This course in designed as a brief introduction to individual decision making. Its main objective is to provide the students with basic game theory techniques that can be useful to face and understand, using logical reasoning, strategic situations that appear in all the areas of everyday life.
We will analyse our believe system and try to answer questions like: Where do our preferences come from? Are they stable? What could be the outcome of this situation? What can I do to get the best possible outcome for me given what by opponent is doing? This course will teach you how to transfer a problem into a game and try to predict its outcome.
Students in this course are expected to actively participate and show their opinion about the topics discussed. Each student will be asked at the end of the course to present a real-life problem, covert it into a game, predict what will be the outcome and compare it with the real life one. The knowledge obtained during those 3 weeks will improve your decision making.
Expected Utility Theory
Value of information
|Theory classes, problem solving and discussions|
2. Game Theory
Subgame Perfect Nash Equilibrium
Midterm Decision Theory,
Theory classes, problem solving and discussions
3. New approaches to the same problems
Midterm Game Theory,
Theory classes, problem solving and final presentations
From Monday to Friday.
From 9 a.m. to 12:30 p.m.
Outputs and exercises that the student is going to do to have the qualification. Including deadlines.
Students' understanding of the material of the course will be evaluated using:
4 Homeworks (the grade will not be taken into accounts it is a self-evaluation)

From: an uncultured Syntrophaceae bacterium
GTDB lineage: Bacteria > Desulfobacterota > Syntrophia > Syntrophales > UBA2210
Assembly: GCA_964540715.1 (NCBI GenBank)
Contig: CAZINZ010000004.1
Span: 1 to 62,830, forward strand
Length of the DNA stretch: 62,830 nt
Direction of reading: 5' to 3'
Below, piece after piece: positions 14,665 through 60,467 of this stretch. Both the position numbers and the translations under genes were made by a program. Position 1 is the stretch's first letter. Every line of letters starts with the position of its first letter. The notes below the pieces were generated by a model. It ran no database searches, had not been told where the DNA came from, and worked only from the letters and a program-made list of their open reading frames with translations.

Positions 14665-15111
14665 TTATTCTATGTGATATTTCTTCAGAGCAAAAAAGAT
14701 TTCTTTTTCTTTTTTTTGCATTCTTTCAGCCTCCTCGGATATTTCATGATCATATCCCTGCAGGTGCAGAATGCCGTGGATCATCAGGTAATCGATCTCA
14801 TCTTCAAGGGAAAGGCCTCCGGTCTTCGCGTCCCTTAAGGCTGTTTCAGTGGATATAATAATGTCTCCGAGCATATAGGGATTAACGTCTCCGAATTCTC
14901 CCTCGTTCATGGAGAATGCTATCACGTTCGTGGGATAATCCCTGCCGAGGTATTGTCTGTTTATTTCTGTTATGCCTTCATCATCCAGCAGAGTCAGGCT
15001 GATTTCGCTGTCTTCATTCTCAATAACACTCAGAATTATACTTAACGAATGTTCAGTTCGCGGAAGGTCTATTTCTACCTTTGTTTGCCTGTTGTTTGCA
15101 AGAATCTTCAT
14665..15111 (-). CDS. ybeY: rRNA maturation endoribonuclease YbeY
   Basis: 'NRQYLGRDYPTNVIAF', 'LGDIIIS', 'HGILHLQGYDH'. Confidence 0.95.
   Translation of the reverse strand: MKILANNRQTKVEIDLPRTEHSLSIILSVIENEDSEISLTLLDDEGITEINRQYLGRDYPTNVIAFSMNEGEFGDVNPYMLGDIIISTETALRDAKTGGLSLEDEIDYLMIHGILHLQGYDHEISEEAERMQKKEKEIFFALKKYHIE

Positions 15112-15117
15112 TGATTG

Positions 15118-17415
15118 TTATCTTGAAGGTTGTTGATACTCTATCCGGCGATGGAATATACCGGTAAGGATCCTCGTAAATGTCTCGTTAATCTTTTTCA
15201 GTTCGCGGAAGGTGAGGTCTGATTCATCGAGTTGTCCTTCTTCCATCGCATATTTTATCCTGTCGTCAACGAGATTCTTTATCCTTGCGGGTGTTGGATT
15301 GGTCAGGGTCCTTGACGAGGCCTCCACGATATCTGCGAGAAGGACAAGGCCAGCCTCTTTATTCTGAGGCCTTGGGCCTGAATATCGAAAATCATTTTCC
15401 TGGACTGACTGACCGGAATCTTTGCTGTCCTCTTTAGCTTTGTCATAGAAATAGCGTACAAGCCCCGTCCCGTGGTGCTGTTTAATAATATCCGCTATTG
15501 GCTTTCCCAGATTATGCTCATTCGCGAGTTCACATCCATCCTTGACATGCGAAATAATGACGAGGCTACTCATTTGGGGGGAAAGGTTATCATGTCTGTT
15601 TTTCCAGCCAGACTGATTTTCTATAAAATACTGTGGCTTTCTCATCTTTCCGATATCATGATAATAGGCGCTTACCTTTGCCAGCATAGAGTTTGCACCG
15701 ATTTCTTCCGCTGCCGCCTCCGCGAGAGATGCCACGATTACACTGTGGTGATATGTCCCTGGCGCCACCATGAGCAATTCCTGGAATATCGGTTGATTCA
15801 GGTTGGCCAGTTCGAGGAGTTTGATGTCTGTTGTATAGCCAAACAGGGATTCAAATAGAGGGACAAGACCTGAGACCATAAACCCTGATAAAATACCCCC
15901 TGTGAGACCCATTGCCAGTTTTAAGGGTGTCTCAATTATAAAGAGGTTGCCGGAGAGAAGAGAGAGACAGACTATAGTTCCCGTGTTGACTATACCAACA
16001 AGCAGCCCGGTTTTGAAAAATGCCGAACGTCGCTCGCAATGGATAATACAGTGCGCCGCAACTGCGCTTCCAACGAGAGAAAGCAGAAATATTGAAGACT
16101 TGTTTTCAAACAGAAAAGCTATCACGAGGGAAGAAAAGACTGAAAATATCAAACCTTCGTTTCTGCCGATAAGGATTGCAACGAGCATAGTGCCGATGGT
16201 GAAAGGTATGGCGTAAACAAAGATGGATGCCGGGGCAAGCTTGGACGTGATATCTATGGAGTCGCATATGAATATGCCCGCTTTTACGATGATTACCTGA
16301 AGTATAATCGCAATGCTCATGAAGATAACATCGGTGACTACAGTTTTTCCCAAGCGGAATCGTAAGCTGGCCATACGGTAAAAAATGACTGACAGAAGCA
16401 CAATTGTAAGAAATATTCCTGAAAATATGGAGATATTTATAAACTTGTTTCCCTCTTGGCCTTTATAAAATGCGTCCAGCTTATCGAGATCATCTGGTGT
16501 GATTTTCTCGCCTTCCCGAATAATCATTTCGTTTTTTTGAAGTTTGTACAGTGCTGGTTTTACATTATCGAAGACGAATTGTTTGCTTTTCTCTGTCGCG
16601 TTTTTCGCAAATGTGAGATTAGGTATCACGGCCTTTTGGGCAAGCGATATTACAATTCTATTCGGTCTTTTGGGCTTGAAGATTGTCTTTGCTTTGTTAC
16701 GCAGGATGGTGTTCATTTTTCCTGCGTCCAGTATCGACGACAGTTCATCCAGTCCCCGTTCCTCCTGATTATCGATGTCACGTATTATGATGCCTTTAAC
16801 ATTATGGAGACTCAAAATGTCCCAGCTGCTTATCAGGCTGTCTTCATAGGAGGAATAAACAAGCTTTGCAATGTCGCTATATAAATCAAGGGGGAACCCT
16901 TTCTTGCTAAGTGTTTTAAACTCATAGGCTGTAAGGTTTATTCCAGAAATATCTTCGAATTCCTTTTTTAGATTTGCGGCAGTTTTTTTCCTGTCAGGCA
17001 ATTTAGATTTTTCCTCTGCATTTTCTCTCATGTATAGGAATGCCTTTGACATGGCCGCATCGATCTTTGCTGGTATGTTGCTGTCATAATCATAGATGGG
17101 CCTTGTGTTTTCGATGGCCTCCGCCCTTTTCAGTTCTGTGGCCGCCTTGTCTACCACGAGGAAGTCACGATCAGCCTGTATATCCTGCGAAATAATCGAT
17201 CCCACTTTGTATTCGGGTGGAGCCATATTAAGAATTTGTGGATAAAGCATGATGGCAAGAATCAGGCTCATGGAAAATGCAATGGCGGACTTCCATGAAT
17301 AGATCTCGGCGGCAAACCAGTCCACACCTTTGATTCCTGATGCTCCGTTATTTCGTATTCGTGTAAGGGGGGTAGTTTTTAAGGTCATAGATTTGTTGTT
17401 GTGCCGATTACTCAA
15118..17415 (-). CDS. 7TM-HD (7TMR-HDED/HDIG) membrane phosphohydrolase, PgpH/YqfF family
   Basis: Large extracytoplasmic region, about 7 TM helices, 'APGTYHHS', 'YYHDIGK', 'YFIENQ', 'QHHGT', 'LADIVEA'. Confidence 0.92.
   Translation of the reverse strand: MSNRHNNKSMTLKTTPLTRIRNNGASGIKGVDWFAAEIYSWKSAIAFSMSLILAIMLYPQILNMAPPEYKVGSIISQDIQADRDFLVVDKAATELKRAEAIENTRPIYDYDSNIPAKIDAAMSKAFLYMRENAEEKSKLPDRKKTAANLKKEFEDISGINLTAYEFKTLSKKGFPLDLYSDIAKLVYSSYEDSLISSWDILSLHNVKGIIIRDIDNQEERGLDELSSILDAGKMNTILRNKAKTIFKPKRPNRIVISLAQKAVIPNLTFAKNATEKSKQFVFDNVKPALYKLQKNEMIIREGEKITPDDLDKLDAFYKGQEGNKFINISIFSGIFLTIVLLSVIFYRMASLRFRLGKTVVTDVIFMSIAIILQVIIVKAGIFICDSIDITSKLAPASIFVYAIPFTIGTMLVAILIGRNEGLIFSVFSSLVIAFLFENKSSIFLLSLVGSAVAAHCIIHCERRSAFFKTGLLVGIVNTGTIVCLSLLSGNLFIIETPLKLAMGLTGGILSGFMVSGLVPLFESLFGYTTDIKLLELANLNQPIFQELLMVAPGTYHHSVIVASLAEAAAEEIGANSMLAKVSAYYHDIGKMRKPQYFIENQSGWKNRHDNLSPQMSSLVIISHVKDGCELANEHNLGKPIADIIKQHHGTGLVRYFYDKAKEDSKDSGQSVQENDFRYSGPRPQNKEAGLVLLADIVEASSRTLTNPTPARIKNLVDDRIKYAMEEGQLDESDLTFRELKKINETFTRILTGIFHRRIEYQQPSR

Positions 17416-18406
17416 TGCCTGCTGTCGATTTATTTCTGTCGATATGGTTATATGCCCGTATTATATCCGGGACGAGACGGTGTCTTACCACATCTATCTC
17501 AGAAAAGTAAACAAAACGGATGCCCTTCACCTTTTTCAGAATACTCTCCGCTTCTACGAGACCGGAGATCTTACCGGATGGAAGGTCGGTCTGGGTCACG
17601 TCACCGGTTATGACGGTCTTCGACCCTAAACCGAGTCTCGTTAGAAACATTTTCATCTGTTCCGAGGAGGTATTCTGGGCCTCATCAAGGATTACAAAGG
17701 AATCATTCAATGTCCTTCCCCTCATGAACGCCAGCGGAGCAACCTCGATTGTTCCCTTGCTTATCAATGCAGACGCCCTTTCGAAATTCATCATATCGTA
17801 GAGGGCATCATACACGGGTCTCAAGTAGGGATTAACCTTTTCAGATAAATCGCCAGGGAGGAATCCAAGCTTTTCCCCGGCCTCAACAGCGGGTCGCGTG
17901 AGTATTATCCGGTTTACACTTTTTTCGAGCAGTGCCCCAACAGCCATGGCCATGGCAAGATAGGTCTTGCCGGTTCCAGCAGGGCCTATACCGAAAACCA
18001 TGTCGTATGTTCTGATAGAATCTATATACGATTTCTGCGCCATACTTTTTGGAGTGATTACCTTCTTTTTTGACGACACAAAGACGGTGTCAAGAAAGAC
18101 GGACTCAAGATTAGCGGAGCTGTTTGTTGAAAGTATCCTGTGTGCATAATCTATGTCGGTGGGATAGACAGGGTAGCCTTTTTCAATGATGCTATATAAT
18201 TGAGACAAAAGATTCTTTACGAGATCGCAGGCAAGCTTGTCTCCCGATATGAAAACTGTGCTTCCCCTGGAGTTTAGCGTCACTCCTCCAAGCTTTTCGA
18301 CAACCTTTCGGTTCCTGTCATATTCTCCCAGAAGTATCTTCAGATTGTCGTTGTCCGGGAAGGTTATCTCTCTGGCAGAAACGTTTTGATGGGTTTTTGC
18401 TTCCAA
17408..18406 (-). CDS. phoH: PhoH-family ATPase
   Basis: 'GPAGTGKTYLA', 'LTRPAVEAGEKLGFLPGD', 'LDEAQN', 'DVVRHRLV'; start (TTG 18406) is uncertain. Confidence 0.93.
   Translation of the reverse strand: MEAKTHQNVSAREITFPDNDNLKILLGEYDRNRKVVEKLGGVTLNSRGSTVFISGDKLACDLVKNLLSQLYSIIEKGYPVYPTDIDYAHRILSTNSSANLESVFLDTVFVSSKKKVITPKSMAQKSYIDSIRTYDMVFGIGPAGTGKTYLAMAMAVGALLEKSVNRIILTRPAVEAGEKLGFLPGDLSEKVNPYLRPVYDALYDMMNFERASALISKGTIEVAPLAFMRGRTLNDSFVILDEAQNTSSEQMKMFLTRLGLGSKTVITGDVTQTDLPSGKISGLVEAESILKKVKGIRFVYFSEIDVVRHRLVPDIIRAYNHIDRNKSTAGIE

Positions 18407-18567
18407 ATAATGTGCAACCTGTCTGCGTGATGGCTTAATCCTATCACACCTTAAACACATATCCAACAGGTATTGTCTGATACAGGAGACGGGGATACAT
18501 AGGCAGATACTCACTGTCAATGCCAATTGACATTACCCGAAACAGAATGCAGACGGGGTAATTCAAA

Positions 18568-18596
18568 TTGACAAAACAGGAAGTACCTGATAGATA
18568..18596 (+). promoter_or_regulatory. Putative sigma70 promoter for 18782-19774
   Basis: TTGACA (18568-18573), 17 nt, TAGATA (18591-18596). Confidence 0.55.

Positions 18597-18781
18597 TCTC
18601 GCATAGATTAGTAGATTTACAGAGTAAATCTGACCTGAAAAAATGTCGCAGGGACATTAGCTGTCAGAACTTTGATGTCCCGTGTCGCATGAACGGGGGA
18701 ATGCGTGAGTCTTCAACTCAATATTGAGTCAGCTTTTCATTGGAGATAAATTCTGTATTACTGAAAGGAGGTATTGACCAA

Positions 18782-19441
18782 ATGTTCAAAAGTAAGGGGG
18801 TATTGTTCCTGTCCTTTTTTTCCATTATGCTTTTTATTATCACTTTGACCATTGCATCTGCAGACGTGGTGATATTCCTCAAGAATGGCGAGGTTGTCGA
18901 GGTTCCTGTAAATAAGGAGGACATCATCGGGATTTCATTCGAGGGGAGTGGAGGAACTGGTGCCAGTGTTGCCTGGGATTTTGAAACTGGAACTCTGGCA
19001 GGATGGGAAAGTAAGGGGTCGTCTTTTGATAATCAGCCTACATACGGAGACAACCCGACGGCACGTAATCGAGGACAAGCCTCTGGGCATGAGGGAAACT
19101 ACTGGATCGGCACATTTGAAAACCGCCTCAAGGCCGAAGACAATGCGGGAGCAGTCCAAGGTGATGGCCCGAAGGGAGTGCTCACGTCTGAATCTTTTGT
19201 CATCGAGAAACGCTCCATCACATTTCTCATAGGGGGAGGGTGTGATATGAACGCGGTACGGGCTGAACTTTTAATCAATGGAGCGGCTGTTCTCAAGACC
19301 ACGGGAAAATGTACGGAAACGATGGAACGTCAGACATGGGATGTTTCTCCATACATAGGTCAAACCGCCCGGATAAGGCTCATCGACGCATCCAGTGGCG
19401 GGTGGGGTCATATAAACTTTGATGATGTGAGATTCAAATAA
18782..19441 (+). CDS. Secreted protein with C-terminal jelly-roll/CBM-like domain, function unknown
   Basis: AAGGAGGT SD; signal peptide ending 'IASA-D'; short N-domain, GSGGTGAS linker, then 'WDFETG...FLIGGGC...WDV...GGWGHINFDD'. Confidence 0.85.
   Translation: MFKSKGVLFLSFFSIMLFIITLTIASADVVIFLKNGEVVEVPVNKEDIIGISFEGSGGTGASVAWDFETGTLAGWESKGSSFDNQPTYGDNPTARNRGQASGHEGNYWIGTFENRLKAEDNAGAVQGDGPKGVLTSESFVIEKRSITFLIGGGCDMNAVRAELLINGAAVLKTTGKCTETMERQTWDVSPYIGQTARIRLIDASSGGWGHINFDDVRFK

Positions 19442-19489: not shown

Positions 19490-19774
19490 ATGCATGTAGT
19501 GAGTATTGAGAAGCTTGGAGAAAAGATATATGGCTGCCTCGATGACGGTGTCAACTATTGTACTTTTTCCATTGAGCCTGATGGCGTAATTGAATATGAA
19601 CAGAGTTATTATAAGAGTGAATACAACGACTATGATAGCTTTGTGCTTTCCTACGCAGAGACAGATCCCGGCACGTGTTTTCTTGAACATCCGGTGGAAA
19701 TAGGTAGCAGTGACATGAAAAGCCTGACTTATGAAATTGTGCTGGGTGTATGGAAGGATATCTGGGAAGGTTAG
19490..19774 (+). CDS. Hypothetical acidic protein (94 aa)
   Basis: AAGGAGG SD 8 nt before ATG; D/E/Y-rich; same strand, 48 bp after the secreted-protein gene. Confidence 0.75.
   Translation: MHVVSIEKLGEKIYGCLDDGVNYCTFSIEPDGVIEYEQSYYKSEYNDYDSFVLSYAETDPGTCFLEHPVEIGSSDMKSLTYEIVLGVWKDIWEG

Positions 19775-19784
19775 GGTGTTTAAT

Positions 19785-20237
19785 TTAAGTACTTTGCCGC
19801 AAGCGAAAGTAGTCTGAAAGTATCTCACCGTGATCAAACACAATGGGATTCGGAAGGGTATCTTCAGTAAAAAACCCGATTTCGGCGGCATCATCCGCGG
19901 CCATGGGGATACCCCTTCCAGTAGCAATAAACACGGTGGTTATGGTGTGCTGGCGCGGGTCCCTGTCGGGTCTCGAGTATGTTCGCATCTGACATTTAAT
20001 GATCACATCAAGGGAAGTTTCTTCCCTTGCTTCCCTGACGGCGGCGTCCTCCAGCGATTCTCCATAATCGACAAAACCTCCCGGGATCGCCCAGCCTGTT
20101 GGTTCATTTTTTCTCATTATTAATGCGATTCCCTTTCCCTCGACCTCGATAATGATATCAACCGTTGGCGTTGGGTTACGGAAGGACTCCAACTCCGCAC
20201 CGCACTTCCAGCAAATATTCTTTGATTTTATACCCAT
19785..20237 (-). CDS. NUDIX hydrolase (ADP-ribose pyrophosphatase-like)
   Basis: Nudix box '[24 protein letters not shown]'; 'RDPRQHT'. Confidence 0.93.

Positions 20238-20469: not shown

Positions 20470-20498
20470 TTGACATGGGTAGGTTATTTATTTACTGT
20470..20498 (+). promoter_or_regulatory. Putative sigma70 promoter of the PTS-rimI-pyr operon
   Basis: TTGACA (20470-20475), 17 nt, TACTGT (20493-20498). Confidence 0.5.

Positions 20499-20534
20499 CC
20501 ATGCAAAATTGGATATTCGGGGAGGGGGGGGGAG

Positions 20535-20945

30% of the Final Grade is Midterm covering the material in the first week of the course (Decision Theory), The Monday of the second course week.
30% of the Final Grade is Midterm covering the material in the second week of the course (Game Theory), The Monday of the third course week.
40% of the Final Grade is a Presentation the student will be asked to analyze a real-world problem using the techniques studied in class. Thursday and Friday of the 3rd week of the course.
Basic and advanced bibliography including books, articles and internet links.
The material needed for the course will be posted in Campus Virtual. However, you can read the following books to obtain additional information:
- Varian, H. R. (2010) Intermediate Microeconomics. A Modern Approach, W.W. Norton & Company
- Dixit, A. K. and Nalebuff, B. J. (1991) Thinking Strategically: The Competitive Edge in Business, Politics and Everyday Life, W.W. Norton & Company
- Dixit, A. K. and Nalebuff, B. J. (2008) The Art of Strategy: A Game Theorist's Guide to Success in Business and Life, W.W. Norton & Company
Ivanna Ferdinandova is Bulgarian. She obtained her PhD in UAB in 2003 in the field of Behavioural Economics, Game Theory and Computational Economics. Since then, she has been working in UPF, UAB and the Study Abroad program of UAB.